• How are the characters gendered in this novel? Is gender toyed with by the author? (I ask this last question because of the following elaborate simile: “‘You don’t have it. You don’t have the X-factor. You see,’ Brian put a hand on Kevin’s shoulder, like a father explaining combustion engines to his son, ‘she’s what you’d call an A, whereas you Kev, let’s be honest, are more of a B. In this world Bs don’t get As. It’s not fair but hey, what is?'” (p.24). Beckett could have limited this description to ‘like a father’ or ‘in a fatherly fashion’, for example, but instead he qualifies it in a very particular way…). I also quite like the way Juliet is characterised (consider pp.30-32 or p.84, for example).

A couple of other questions:

  • How could this novel have been told differently? What if it were told exclusively through the eyes of Malcolm? Or Brian? Or Juliet, etc.? Or Malcolm’s mum? Or an examiner/teacher? How would this change the story?
  • What if the story were begun or ended in a different way – in a different place in the narrative? 
  • As a character, what does Brian add to the story? Why include information about his father? What does it add to our experience of his character and his role in this story about sex?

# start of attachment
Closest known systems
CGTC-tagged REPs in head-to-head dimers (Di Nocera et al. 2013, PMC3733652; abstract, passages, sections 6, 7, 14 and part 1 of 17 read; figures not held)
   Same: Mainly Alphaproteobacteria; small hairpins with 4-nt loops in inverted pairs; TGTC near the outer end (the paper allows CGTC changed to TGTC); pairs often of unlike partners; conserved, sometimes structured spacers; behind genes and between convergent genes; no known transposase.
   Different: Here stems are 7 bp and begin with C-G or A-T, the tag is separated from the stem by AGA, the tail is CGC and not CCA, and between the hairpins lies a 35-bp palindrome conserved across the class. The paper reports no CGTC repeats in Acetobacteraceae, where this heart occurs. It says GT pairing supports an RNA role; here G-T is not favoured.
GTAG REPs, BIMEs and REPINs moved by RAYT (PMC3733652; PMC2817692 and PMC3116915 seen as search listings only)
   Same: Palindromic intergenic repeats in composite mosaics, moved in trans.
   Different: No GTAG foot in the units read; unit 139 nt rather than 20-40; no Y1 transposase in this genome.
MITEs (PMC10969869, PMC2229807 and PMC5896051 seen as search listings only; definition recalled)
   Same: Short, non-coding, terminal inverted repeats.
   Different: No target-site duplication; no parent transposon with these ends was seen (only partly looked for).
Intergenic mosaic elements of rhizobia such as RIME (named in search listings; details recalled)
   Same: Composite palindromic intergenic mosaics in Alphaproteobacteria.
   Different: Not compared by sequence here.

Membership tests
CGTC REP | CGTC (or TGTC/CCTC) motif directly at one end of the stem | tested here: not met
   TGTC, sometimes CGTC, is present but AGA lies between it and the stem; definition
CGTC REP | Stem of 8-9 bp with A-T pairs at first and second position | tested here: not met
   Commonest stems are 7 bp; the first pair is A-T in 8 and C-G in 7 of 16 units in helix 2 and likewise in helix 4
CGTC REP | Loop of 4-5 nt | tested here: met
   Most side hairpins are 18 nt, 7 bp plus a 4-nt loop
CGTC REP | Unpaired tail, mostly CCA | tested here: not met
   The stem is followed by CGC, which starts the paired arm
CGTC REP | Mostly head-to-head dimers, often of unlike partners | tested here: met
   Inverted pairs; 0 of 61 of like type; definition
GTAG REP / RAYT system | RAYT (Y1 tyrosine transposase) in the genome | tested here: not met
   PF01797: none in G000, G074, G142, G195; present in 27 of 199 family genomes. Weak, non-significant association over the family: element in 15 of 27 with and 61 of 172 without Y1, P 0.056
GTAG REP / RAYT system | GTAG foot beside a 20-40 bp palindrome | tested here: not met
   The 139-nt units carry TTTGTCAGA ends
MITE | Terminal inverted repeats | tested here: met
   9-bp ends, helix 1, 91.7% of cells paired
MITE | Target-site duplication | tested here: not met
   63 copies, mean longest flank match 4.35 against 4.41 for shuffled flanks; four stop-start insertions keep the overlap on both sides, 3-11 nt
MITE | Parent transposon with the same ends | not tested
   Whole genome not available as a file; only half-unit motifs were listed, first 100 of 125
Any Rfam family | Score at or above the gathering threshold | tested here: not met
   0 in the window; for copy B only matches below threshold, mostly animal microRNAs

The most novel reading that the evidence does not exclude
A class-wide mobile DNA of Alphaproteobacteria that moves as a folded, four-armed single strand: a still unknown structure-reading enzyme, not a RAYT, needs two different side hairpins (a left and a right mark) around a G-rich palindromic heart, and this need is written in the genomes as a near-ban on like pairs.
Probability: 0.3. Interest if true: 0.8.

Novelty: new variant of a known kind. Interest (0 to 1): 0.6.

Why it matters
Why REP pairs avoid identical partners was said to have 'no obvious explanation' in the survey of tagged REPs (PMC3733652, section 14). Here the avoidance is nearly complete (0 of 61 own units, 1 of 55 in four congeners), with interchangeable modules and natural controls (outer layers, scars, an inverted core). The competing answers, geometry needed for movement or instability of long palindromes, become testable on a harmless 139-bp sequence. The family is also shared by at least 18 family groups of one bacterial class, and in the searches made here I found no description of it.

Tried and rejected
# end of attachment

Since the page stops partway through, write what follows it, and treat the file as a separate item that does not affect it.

Texts that invite comparison

Perhaps overly obvious, but other YA fictions that explore the ‘issue’ of adolescent sexuality (Paula Boock’s Dare, Truth or Promise springs to mind, but there are heaps of others that could serve for comparison). Consider the following review comments from the Text Publishing website (and their focus on the sexuality of the novel):

‘Vigorous and lively characters… Beckett has always had a wry humour in his excellent novels about young people on the brink of life, but in Malcolm and Juliet, the humour is in charge. This is one of those novels you carry around quoting from…The characterisation is deft, the plot cunning and the treatment as light as a pavlova. This is a butterfly of a novel, high-spirited, light-hearted, and funny right to the last line… Let me urge nervous librarians, parents and teachers to buy several copies ofMalcolm and Juliet. And to read one of them.’ Trevor Agnew, Magpies